Presently, the Commonwealth argues that the Superior Court errantly failed to distinguish between cases that pertain to behavioral experts and those that involve medical professionals, such as Dr. Novinger. Relative to this proposed "behavioral/medical" distinction, the Commonwealth posits that "Pennsylvania case law has essentially determined what type of expert falls into the category of those whose testimony improperly bolsters the credibility of witnesses," i.e., behavioral experts only. Brief for Appellant at 14; see also id. at 11 ("Dr. Novinger's testimony was not based on the behavior of the victim as compared to the typical victim of sexual assault." (emphasis in original)); id. at 24 (drawing a distinction between "objective medical facts" and "speculative explanations for patterns of behavior" (emphasis deleted)). The Commonwealth distinguishes Dr. Novinger's credentials as a medical doctor and stresses the depth of his training and experience. See, e.g., id. at 6 (explaining that the pediatrician "testified that in the past 32 years, he evaluated between 500 and 1000 children"). Additionally, the Commonwealth draws support for the distinction that it envisions from Section 5920 of the Judicial Code. See id. at 12 (opining that "the legislature codified the prohibition of a witness's opinion regarding credibility of the victim only with regard to behavioral experts, not medical experts like Dr. Novinger." (emphasis in original)).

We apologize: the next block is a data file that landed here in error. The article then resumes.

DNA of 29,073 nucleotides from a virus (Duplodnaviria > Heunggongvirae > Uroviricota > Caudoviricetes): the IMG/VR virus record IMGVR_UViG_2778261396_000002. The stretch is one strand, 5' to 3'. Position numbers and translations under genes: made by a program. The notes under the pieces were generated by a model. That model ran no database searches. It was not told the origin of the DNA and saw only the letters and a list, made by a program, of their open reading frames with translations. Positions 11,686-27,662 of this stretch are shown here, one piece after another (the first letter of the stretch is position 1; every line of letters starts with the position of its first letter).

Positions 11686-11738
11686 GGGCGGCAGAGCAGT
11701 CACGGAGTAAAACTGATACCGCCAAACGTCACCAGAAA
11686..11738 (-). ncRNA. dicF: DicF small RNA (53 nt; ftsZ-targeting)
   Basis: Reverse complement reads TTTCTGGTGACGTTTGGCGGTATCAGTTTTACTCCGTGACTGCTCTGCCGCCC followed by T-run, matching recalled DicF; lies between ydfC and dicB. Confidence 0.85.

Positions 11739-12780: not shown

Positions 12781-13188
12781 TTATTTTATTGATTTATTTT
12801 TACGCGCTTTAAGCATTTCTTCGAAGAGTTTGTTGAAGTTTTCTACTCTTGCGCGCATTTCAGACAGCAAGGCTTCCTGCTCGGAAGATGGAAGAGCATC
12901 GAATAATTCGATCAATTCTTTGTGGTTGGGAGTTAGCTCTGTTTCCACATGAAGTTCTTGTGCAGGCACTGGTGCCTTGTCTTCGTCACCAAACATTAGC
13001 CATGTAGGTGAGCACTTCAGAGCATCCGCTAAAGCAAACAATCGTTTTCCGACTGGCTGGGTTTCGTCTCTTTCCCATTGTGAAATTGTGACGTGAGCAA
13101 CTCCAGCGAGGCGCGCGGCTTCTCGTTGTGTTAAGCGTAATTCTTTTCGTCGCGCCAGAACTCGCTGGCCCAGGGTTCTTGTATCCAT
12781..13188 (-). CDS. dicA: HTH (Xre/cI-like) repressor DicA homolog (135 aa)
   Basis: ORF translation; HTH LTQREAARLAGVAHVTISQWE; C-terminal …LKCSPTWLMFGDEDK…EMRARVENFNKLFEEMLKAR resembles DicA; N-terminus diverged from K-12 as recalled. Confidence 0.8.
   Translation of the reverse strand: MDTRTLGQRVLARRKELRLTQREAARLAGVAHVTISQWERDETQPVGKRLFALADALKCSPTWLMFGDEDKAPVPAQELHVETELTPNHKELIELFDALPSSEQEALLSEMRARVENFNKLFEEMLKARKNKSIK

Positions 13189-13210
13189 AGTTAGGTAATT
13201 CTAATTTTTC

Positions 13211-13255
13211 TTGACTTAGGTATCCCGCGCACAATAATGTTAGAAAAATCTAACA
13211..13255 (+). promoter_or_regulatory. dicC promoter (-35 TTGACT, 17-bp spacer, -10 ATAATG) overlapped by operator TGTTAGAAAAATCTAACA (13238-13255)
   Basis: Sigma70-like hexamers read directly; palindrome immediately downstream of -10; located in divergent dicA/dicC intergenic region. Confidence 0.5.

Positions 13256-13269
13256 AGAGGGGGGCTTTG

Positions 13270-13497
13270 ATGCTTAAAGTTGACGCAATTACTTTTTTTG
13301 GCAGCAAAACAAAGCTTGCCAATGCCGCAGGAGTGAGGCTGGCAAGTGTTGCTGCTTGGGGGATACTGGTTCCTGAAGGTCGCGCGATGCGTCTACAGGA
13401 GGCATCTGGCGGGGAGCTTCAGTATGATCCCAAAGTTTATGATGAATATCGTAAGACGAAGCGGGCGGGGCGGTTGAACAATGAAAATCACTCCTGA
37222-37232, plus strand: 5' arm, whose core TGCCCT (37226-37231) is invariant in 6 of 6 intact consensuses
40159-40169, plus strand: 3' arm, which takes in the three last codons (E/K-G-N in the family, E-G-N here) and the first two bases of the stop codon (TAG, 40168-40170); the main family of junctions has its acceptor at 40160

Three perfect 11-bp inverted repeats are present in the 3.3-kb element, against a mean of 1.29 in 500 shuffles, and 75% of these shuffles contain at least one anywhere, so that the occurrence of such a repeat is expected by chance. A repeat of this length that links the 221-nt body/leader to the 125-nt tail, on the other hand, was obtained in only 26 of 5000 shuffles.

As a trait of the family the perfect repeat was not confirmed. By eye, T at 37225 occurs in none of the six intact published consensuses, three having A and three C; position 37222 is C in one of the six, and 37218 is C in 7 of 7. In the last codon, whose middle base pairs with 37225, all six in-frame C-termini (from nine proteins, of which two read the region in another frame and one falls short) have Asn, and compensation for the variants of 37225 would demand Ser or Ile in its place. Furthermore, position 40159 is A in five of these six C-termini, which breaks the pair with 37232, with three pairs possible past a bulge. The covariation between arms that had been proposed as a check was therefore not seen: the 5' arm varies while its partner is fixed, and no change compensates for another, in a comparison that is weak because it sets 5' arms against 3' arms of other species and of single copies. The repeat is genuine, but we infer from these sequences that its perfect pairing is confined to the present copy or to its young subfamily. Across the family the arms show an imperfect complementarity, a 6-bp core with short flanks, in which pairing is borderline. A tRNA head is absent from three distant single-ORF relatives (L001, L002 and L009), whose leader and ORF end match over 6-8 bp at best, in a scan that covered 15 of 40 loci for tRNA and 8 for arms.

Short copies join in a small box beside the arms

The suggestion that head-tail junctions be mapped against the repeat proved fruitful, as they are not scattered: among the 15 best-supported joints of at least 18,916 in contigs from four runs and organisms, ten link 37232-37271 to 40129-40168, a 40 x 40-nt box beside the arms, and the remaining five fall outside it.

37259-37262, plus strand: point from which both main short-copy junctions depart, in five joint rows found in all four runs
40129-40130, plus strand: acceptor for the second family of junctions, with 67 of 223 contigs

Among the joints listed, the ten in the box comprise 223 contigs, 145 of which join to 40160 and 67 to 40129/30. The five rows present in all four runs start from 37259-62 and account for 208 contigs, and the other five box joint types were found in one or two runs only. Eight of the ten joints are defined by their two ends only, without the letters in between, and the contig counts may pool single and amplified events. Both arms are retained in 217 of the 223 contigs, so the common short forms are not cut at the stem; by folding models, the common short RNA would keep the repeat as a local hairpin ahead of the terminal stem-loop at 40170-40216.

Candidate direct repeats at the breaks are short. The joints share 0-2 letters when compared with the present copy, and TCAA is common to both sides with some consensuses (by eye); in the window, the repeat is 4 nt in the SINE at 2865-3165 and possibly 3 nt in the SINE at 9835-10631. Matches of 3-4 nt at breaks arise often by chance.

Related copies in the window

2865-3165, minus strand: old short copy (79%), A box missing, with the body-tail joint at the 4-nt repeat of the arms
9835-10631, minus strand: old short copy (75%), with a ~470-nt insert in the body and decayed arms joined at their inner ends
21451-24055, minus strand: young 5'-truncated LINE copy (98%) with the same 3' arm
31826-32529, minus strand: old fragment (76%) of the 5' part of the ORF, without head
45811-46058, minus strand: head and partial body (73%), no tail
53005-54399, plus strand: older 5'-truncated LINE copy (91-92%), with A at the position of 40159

The Commonwealth also denies that Dr. Novinger commented upon C.S.'s credibility at all, asserting that the pediatrician's testimony went only to his "medical encounter" with C.S. and did not concern her truthfulness. Brief for Appellant at 12. To the degree that this Court would discern any bolstering effect—and while otherwise recognizing that, under this Court's longstanding decisional law, no expert testimony is to be employed to validate the credibility of other witnesses—the Commonwealth reverts to the more general proposition that such testimony is admissible if it will assist the trier of fact in understanding the evidence or in determining a fact in issue. See Pa.R.E. 702(b).

The Commonwealth also draws support from this Court's decisions in Commonwealth v. Minerd, 562 Pa. 46, 55–56, 753 A.2d 225, 230 (2000) (approving the admissibility of expert testimony explaining that the absence of physical trauma does not disprove abuse), and Commonwealth v. Rounds, 518 Pa. 204, 209–10, 542 A.2d 997, 999 (1988) (disapproving medical testimony that abuse had occurred on the ground that the testimony was based on a case history that was not before the jury). With regard to Minerd, the Commonwealth observes that the Court allowed the relevant expert testimony even though it had some effect in terms of enhancing the veracity of children. See Minerd, 562 Pa. at 55, 753 A.2d at 230. Concerning Rounds, the Commonwealth highlights that the Court did not disapprove diagnoses of abuse generally, but rather, relied on the absence of underlying record support for the diagnosis. See Rounds, 518 Pa. at 209–10, 542 A.2d at 999. The Commonwealth also discusses several other cases from the Superior Court.